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Is it sex in chains? Potential mating stacks in deep-sea hydrothermal vent snails

Is it sex in chains? Potential mating stacks in deep-sea hydrothermal vent snails
Is it sex in chains? Potential mating stacks in deep-sea hydrothermal vent snails

“Mating stacks” have been widely documented in calyptraeid slipper limpets, which are protandric and exhibit sequential hermaphroditism. Gigantopelta is a genus of peltospirid snails endemic to deep-sea hydrothermal vents containing two species, one distributed on the East Scotia Ridge in the Southern Ocean and another on the Southwest Indian Ridge in the Indian Ocean. Here, we report the observation that both species form extensive (often >15 individuals) “snail chains”. These chains are potentially analogous to ‘mating stacks’ of calyptraeids, or alternatively, maybe a behaviour to facilitate spermatophore transfer. Both Gigantopelta species apparently have separate sexes and are sexually mature at a small size. However, it remains unclear whether they undergo sex change during their life.

Chemosynthetic ecosystems, Gastropoda, Hermaphroditism, Mollusca, Neomphalina
1880-8247
25-27
Chen, Chong
3faad3e1-b898-4f4b-b418-9c1736e53f95
Marsh, Leigh
b9d089aa-91e4-4a2e-b716-a7352616c6a2
Copley, Jonathan T.
5f30e2a6-76c1-4150-9a42-dcfb8f5788ef
Chen, Chong
3faad3e1-b898-4f4b-b418-9c1736e53f95
Marsh, Leigh
b9d089aa-91e4-4a2e-b716-a7352616c6a2
Copley, Jonathan T.
5f30e2a6-76c1-4150-9a42-dcfb8f5788ef

Chen, Chong, Marsh, Leigh and Copley, Jonathan T. (2018) Is it sex in chains? Potential mating stacks in deep-sea hydrothermal vent snails. Plankton and Benthos Research, 13 (1), 25-27. (doi:10.3800/pbr.13.25).

Record type: Letter

Abstract

“Mating stacks” have been widely documented in calyptraeid slipper limpets, which are protandric and exhibit sequential hermaphroditism. Gigantopelta is a genus of peltospirid snails endemic to deep-sea hydrothermal vents containing two species, one distributed on the East Scotia Ridge in the Southern Ocean and another on the Southwest Indian Ridge in the Indian Ocean. Here, we report the observation that both species form extensive (often >15 individuals) “snail chains”. These chains are potentially analogous to ‘mating stacks’ of calyptraeids, or alternatively, maybe a behaviour to facilitate spermatophore transfer. Both Gigantopelta species apparently have separate sexes and are sexually mature at a small size. However, it remains unclear whether they undergo sex change during their life.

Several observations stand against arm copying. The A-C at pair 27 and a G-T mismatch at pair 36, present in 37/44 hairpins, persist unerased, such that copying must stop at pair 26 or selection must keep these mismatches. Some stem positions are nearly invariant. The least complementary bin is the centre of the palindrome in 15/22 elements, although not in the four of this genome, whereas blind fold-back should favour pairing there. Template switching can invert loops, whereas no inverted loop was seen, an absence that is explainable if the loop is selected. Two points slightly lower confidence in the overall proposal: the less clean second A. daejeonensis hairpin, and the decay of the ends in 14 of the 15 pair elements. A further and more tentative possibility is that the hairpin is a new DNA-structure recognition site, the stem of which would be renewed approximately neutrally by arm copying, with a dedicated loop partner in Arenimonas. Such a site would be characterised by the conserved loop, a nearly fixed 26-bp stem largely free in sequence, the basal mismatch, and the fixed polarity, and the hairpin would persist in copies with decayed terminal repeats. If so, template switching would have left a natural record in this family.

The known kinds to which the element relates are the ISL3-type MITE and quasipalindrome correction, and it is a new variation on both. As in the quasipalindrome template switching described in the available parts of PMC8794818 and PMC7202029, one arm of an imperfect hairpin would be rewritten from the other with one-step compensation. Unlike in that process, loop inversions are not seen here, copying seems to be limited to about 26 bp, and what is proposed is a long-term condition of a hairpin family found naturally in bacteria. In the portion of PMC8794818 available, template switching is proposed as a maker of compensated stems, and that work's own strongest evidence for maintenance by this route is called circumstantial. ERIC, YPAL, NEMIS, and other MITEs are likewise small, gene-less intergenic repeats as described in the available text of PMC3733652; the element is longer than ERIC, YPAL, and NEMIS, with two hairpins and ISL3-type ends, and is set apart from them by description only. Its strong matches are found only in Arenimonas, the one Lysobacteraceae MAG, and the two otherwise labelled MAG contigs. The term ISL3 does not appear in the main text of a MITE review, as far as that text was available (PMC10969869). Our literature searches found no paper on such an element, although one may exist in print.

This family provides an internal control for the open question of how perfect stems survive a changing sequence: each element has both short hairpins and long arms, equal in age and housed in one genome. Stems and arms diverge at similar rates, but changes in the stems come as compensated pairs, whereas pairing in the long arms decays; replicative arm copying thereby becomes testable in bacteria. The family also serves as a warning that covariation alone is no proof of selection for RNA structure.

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More information

Accepted/In Press date: 18 November 2017
e-pub ahead of print date: 28 February 2018
Published date: 28 February 2018
Keywords: Chemosynthetic ecosystems, Gastropoda, Hermaphroditism, Mollusca, Neomphalina

Identifiers

Local EPrints ID: 421599
URI: https://eprints.soton.ac.uk/id/eprint/421599
ISSN: 1880-8247
PURE UUID: fd8bebf3-a603-463d-87bd-48c24062f5b0

Catalogue record

Date deposited: 15 Jun 2018 16:31
Last modified: 27 Nov 2018 17:30

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